• “Management consulting services” – includes services related to strategic advice; organizational and systems planning, evaluation, and selection; marketing objectives and policies; mergers, acquisitions, and organizational structure; staff augmentation and human resources policies and practices; and brand management.
  • “Russian person” – an individual who is a citizen or national of the Russian Federation, or an entity organized under the laws of the Russian Federation.

OFAC has also clarified that the following are excluded from the prohibition:  (1) any service to an entity located in the Russian Federation that is owned or controlled, directly or indirectly, by a United States person; and (2) any service in connection with the wind down or divestiture of an entity located in the Russian Federation that is not owned or controlled, directly or indirectly, by a Russian person. Additional guidance is available in FAQ 1038FAQ 1037FAQ 1036FAQ 1035, and FAQ 1033.

These service prohibitions, and additional sanctions discussed below, were also announced in a White House press statement after a meeting with President Biden, G7 Leaders (Canada, France, Germany, Italy, Japan, and the United Kingdom) and President Zelensky of Ukraine in which the U.S. and allied partners affirmed their support for Ukraine, which included the entire G7 committing to phasing out or banning the import of Russian oil.

II. Sanctions on Executives of Russian Banks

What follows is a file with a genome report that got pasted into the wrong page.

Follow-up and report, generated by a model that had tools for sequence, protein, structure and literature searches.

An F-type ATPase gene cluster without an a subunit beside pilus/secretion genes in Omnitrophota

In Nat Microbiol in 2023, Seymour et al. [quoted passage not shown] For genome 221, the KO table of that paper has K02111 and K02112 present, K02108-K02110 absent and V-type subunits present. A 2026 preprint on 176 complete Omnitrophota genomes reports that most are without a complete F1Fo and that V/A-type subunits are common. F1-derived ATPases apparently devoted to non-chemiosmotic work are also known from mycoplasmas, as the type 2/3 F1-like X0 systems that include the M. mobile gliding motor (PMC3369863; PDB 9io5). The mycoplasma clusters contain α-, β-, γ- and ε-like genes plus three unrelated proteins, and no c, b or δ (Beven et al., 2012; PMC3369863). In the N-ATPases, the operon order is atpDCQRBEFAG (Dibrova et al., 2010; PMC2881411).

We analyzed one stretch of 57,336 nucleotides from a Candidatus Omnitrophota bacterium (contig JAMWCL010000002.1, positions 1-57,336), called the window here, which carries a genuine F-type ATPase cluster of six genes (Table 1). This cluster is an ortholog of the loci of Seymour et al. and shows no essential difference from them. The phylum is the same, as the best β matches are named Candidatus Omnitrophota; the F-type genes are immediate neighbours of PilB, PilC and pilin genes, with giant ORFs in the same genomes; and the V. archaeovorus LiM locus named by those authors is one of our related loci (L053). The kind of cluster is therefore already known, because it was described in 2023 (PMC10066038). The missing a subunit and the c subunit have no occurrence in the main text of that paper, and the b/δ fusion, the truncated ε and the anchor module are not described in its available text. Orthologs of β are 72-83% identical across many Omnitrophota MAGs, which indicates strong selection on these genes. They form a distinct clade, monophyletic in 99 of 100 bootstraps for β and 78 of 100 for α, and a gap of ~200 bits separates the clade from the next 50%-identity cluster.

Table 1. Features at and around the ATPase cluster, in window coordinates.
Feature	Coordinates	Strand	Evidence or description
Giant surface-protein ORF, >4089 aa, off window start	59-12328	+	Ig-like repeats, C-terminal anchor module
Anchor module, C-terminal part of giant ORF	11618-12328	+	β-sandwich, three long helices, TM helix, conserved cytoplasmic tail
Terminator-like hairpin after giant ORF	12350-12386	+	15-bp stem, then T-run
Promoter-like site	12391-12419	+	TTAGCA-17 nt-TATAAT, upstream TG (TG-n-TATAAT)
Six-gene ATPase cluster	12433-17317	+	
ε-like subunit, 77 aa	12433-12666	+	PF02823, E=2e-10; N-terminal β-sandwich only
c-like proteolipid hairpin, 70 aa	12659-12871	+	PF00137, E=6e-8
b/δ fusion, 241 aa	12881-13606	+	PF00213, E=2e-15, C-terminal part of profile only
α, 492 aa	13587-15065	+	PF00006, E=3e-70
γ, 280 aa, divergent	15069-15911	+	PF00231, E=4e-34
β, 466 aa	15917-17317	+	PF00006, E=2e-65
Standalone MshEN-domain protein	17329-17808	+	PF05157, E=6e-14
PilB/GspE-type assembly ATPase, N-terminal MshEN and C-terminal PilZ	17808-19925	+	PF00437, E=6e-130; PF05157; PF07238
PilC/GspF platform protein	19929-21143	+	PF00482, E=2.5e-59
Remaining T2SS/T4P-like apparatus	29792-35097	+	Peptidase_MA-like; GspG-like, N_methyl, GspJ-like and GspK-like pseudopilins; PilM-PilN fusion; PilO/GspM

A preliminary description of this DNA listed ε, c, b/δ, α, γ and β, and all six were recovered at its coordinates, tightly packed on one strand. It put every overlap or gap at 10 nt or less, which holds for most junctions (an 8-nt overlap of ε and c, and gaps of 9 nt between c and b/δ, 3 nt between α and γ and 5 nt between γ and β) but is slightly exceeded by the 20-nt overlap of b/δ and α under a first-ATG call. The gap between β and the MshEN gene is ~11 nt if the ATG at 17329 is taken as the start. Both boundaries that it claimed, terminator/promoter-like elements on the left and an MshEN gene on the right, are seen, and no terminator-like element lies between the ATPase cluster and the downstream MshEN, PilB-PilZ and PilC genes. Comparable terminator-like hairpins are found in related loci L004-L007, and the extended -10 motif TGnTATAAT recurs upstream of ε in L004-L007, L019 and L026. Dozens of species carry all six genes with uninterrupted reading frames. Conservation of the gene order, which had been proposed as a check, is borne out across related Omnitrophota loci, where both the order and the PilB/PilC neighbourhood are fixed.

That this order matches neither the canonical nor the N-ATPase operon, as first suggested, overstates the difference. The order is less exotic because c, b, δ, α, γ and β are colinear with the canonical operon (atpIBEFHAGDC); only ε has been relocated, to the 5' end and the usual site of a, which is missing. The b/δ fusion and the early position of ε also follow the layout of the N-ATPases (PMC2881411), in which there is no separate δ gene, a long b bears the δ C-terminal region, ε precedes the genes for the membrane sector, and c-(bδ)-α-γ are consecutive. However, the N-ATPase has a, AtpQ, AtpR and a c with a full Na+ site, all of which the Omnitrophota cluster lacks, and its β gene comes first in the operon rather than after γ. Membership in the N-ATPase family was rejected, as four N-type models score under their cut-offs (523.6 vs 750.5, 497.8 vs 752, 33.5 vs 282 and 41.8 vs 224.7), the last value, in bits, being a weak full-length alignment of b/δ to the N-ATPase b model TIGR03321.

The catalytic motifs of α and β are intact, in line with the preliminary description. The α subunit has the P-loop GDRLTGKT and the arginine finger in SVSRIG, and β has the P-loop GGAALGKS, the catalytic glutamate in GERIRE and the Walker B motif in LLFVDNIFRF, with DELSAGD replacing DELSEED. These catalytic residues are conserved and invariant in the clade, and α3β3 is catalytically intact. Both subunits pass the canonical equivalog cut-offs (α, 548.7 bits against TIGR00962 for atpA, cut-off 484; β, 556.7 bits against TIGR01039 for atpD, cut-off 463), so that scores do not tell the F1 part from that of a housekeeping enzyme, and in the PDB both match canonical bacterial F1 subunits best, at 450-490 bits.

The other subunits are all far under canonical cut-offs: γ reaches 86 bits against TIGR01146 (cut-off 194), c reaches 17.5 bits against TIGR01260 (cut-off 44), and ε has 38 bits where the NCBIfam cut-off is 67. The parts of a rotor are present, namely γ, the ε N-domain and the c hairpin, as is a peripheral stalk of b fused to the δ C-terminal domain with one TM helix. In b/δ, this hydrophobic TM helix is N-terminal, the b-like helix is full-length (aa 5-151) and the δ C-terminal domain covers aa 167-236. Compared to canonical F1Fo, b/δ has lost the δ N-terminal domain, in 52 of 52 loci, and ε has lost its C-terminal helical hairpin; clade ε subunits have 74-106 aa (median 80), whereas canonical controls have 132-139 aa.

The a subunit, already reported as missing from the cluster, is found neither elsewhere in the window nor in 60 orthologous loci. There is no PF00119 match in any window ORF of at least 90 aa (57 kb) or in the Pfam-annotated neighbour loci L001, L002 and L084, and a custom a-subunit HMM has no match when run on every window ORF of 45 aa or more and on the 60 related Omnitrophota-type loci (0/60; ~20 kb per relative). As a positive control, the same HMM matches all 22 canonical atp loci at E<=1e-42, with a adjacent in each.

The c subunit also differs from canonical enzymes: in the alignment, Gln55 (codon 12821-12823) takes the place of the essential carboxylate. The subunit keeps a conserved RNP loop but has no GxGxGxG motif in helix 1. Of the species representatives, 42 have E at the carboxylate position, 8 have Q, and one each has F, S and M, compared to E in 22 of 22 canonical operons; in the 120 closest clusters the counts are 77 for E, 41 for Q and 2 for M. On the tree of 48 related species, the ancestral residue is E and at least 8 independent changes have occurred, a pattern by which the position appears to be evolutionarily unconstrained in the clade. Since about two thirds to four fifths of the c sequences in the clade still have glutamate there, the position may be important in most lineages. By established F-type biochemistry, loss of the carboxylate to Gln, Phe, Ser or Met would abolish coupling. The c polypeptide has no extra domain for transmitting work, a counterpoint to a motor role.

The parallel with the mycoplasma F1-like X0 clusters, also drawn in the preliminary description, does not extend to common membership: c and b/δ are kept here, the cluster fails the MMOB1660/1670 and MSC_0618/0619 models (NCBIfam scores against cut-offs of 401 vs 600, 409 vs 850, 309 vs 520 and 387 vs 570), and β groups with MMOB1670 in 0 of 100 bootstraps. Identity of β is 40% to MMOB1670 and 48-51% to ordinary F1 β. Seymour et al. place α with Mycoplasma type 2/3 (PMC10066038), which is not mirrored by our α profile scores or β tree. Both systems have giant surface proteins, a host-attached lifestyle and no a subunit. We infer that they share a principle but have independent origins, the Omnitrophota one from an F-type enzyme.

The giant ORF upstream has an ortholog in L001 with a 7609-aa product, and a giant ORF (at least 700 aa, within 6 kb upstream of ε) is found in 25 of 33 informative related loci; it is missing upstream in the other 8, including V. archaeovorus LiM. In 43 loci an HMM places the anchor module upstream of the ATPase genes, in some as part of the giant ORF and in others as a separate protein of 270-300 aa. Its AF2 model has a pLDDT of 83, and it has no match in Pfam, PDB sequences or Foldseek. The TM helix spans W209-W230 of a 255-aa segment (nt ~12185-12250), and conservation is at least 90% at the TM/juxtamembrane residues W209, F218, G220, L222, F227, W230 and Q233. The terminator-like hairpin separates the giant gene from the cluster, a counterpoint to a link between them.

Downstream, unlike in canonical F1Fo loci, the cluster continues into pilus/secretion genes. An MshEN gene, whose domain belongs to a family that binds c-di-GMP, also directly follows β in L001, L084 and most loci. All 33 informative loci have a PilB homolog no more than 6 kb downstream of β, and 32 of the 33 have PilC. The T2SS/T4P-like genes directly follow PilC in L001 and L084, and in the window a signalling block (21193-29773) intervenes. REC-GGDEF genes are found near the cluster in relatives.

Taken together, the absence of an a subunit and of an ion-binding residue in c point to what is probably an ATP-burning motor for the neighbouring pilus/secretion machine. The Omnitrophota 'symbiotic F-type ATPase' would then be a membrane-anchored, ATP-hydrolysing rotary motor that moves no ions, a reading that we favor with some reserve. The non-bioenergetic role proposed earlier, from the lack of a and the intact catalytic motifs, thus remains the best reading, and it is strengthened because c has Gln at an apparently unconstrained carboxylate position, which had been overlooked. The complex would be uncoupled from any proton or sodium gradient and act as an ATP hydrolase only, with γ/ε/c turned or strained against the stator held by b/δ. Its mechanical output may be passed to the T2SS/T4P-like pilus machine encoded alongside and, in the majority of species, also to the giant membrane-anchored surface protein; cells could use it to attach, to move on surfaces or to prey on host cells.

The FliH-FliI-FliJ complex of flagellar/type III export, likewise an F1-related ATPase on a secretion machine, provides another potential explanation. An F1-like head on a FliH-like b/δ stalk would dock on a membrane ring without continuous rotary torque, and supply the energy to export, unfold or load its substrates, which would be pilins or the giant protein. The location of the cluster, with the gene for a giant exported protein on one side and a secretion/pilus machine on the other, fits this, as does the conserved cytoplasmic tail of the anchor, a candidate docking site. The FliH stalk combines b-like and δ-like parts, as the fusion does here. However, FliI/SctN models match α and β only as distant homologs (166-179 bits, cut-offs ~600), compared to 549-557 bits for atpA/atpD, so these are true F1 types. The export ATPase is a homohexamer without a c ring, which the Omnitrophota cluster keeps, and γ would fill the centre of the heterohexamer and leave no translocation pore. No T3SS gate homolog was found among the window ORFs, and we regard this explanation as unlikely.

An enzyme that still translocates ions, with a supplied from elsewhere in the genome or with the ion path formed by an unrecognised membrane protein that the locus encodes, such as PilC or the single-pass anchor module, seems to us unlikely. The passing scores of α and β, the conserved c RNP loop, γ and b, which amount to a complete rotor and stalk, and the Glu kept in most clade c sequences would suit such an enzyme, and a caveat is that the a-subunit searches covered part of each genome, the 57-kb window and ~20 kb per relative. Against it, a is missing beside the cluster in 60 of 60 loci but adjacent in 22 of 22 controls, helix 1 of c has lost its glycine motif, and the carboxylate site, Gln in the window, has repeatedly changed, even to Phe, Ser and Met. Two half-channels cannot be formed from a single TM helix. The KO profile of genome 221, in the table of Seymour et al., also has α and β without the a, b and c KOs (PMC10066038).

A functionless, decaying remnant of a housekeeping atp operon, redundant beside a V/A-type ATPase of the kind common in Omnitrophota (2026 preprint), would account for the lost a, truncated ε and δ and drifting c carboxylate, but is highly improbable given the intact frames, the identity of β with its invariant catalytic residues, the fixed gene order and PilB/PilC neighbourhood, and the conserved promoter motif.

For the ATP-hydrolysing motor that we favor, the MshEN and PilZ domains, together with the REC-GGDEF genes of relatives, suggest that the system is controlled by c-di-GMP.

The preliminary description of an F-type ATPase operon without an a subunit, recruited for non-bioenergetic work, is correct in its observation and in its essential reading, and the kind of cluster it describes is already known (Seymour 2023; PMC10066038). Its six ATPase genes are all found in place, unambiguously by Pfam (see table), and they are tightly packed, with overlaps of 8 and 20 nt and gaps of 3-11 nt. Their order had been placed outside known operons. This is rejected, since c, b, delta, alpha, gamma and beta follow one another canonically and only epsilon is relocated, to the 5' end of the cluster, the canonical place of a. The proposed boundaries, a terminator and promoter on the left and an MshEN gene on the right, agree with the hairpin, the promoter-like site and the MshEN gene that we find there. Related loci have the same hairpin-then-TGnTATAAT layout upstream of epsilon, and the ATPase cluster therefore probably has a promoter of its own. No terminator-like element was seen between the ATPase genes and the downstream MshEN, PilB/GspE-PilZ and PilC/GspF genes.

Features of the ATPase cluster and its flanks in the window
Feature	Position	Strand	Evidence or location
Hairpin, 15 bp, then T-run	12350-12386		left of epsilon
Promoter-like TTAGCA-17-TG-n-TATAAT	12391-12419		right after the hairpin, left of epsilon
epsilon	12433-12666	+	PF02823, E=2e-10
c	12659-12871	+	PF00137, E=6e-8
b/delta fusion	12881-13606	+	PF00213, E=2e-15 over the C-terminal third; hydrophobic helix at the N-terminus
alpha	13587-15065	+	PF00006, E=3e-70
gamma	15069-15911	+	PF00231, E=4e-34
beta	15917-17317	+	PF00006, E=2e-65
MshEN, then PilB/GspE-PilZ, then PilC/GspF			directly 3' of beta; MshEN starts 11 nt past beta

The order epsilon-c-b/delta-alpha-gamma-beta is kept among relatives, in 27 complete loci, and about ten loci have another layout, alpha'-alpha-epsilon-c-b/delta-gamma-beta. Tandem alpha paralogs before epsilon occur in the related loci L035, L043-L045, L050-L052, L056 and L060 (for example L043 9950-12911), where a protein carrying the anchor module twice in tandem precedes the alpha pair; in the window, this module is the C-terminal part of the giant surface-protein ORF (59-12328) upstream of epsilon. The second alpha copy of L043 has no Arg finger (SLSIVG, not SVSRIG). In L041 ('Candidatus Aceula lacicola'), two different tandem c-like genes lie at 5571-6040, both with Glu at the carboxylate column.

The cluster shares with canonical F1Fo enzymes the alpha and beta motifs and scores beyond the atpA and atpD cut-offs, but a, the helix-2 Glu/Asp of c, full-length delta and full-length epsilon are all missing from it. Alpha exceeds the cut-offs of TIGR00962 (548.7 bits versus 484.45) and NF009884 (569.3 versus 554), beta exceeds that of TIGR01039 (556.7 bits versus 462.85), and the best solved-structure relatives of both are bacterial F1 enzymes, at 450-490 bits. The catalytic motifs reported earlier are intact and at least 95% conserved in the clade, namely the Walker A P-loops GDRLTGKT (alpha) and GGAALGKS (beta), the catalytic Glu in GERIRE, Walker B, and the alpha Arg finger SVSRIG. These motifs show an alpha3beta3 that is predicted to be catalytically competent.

Also on May 8, OFAC added eight current or recent members of the Executive Board of Public Joint Stock Company Sberbank of Russia (“Sberbank”) to the Specially Designated Nationals and Blocked Persons (“SDN”) List pursuant to EO 14024. As a result of the SDN List designation, almost all transactions with U.S. persons are prohibited, and all U.S. assets of SDNs are “blocked” and must be reported to OFAC. Designated natural persons are also subject to a travel ban, and all entities owned 50% or more by an SDN are generally treated as if they were also on the SDN List (known as the “50 Percent Rule”) even if they are not expressly listed. In addition, any person, including a non-U.S. person, may themselves be designated as an SDN for materially assisting, sponsoring, or providing financial, material, or technological support for, or goods or services to or in support of these SDNs.

Sberbank, which was previously designated as an SDN by OFAC on April 6, 2022, is the largest financial institution in Russia and is majority-owned by the Russian Federation. The EU, UK, Canada, Japan, Australia, and New Zealand also have imposed sanctions on Sberbank. Previously, on February 24, 2022, OFAC designated the First Deputy Chairman of Sberbank as an SDN, and on March 24, OFAC designated the Chief Executive Officer and Chairman of the Executive Board of Sberbank as an SDN.

In tandem with the Sberbank actions, OFAC designated 27 members of Gazprombank’s Board of Directors as SDNs pursuant to EO 14024. On February 24, 2022, OFAC identified Gazprombank, the third largest bank in Russia, as subject to prohibitions pursuant to Directive 3 under EO 14024. Two of the designated board members, Andrey Igorevich Akimov and Alexey Borisovich Miller, were previously designated as SDNs on April 6, 2018, pursuant to Executive Order 13661, and are now re-designated under EO 14024.

III. Russian State-Owned or State-Supported Entities Added to the SDN List

OFAC also added the following Russian state-owned or state-supported entities to the SDN List on May 8, 2022 pursuant to EO 14024:

  • Joint Stock Company Moscow Industrial Bank (“MIB”), which is a Russian state-owned bank. Ten of MIB’s subsidiaries were also added to the SDN List pursuant to EO 14024.
  • Limited Liability Company Promtekhnologiya, which is a private defense company that supplies Russia’s military and intelligence services with its products and is associated with the Russian government.